Rep. Mick Mulvaney (R-S.C.) filed a bill on Tuesday that would amend the Constitution and impose term limits on members of Congress.

The measure would call for a maximum of 24 years of service for lawmakers, with 12 years each in both the House and Senate.

{mosads}Lawmakers in the House are up for election every two years, while senators’ terms run six years. The Constitution, however, does not limit the number of terms a person can serve. 

“Believe me, 24 years is more than enough time to serve in Washington. (I actually pushed for much shorter terms but compromised at 12+12 in order to gain the support of additional co-sponsors),” Mulvaney said in a statement on Wednesday. “And I want to thank my friends Steve Scalise (R-La.), Reid Ribble (R-Wis.) and Steve Palazzo (R-Miss.) for their work in getting this bill together.”

The introduction of the bill comes after a series of polls have indicated Congress’s approval rating is at record lows. A Gallup poll in January found 13 percent of people approved of the job that Congress is doing. During the government shutdown in October, the approval rating stood at just 5 percent.

“Now the question becomes: How can we convince enough members of Congress that they are the problem?” Mulvaney added.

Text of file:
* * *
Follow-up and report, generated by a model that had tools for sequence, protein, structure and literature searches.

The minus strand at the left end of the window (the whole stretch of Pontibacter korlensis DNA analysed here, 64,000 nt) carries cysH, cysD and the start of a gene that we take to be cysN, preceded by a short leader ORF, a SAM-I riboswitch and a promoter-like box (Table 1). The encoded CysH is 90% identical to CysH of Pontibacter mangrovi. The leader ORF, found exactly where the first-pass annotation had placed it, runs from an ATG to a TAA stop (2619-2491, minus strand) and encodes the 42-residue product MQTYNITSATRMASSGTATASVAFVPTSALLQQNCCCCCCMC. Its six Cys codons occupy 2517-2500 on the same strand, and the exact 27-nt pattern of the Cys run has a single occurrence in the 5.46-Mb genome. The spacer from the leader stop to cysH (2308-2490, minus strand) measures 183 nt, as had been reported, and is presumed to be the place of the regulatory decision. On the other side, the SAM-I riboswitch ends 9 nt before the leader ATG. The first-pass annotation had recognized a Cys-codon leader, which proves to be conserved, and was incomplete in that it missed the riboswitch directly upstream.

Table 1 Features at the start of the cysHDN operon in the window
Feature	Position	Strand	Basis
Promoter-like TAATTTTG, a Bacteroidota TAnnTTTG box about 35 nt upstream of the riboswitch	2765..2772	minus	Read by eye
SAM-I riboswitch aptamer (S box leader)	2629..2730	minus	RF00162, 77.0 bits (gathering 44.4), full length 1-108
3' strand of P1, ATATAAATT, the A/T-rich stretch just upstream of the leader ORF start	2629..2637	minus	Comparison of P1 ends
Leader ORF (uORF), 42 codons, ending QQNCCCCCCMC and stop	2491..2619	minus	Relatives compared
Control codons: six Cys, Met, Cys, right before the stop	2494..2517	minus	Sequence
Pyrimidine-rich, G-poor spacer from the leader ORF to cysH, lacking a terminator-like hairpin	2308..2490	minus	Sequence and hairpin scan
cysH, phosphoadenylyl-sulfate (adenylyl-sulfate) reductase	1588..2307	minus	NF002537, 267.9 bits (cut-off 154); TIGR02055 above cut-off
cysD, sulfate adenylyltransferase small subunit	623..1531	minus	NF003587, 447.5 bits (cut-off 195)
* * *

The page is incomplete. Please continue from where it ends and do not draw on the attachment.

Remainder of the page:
In 2012, then-Sen. Jim DeMint (R-S.C.) proposed a similar amendment that would place limits on how long members of Congress could serve. 

The Senate overwhelmingly rejected DeMint’s measure, voting 75 to 24 against it.

At the time, Sen. Dick Durbin (D-Ill.) voiced opposition to the amendment, having already served three terms himself. 

“For some members of Congress, two years in office is too long and for some members of Congress, 20 years in office is not long enough,” Durbin said. “Who should make that decision? The Constitution in its wisdom says the voters of America make that decision. Let’s stand by that Constitution and its language and defeat this sense of the Senate resolution.”

Before the mid-1990s, nearly two-dozen states previously limited how many terms their representatives in Congress could serve. 

In 1995, however, the U.S. Supreme Court ruled in the case of U.S. Term Limits, Inc. v. Thornton that states could not determine the length of service their representatives at the national level could serve. 

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